Since then, crypto platforms and other financial service providers who want to operate the crypto custody business in Germany have had to apply for a permit from the financial supervisory authority Bafin. In addition, they are subject to the requirements of the Money Laundering Act, so they have to verify their customers, among other things. Many providers of digital wallets and crypto exchanges have now introduced corresponding processes.
But: “That doesn’t mean that you can track down all criminal users with this new regulation. Because there are still opportunities to conduct crypto business anonymously, especially in the darknet, ”said Brühl. The result: “Bitcoin and Co. remain the preferred means for money laundering.” And even if the major central banks and supervisory authorities agreed on a joint approach, there would still be enough jurisdictions in which covert transactions with cryptocurrencies would still be possible .
Unprocessed suspicious transaction reports
The question that remains is what the FIU is doing with the many crypto reports. In the past, the special money laundering unit was repeatedly criticized for filing thousands of suspicious transaction reports with virtually no processing or simply forwarding them to the overwhelmed public prosecutor’s offices.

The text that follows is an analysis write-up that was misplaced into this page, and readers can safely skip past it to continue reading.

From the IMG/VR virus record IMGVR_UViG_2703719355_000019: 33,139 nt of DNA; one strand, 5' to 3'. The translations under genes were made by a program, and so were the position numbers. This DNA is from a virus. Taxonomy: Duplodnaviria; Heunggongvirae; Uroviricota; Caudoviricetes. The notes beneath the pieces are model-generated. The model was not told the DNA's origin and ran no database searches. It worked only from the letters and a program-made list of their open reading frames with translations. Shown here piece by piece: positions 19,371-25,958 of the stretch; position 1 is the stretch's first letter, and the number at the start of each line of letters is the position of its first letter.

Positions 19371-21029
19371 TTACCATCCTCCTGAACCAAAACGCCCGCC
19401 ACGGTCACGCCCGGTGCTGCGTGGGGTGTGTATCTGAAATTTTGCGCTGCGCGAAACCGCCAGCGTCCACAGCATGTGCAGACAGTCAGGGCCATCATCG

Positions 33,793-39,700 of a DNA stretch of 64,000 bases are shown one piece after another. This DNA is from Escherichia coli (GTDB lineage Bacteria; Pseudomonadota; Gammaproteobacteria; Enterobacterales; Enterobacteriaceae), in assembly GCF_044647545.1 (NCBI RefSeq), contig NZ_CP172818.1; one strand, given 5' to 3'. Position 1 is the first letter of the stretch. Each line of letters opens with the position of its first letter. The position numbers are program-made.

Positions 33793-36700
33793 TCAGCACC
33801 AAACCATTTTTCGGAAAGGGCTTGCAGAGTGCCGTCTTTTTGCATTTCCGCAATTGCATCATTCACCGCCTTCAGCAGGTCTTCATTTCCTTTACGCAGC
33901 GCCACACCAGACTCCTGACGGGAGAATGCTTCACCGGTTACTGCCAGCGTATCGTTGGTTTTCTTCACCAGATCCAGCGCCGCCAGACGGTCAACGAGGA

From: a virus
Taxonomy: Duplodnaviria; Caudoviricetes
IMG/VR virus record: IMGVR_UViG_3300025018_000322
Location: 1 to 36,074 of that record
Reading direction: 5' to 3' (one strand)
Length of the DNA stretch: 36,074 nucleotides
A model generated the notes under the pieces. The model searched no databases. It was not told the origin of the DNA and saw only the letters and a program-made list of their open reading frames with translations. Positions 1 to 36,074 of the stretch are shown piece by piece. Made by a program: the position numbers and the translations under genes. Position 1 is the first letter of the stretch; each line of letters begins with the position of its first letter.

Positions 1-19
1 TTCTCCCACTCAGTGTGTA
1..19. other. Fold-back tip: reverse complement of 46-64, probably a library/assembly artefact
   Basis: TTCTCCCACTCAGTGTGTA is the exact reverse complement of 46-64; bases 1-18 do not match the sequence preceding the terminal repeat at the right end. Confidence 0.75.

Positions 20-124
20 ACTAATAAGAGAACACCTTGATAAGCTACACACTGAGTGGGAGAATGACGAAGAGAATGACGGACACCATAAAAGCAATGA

In response to a request from Handelsblatt, the FIU does not want to provide any information on the processing rate of the more than 2000 crypto suspicious transaction reports in 2020 and refers to the annual report, which only contains general quotas. “The FIU does not show separate sales quotas,” explains a spokeswoman.
Left-wing financial expert Fabio De Masi, who was one of the first observers to draw attention to the problems at the FIU in 2017, is skeptical that the increased number of reports will lead to increased pressure to prosecute: “The increased number of money laundering Reports of suspicion to the FIU were seen by some as evidence of successful German supervision. But where a lot is reported, more work has to be done. And that is exactly what is lacking. ”The number alone is therefore not a reliable indicator.
De Masi fears that the vast majority of suspicious transaction reports relating to crypto will remain unprocessed at the FIU. The financial expert calls for a fundamentally different view of the risks of the crypto market. “It is an open secret that there are many dubious market participants.
The industry often argues with anonymity and data protection. But I think anyone who wants to remain completely anonymous in their financial transactions should pay in cash. However, there must also be threshold values for cash. ”When it comes to preventing money laundering, there should be no differences between different asset classes, says De Masi. “Cryptocurrencies are not a means of payment for everyday needs.”
More: Banks struggle with the new money laundering directive.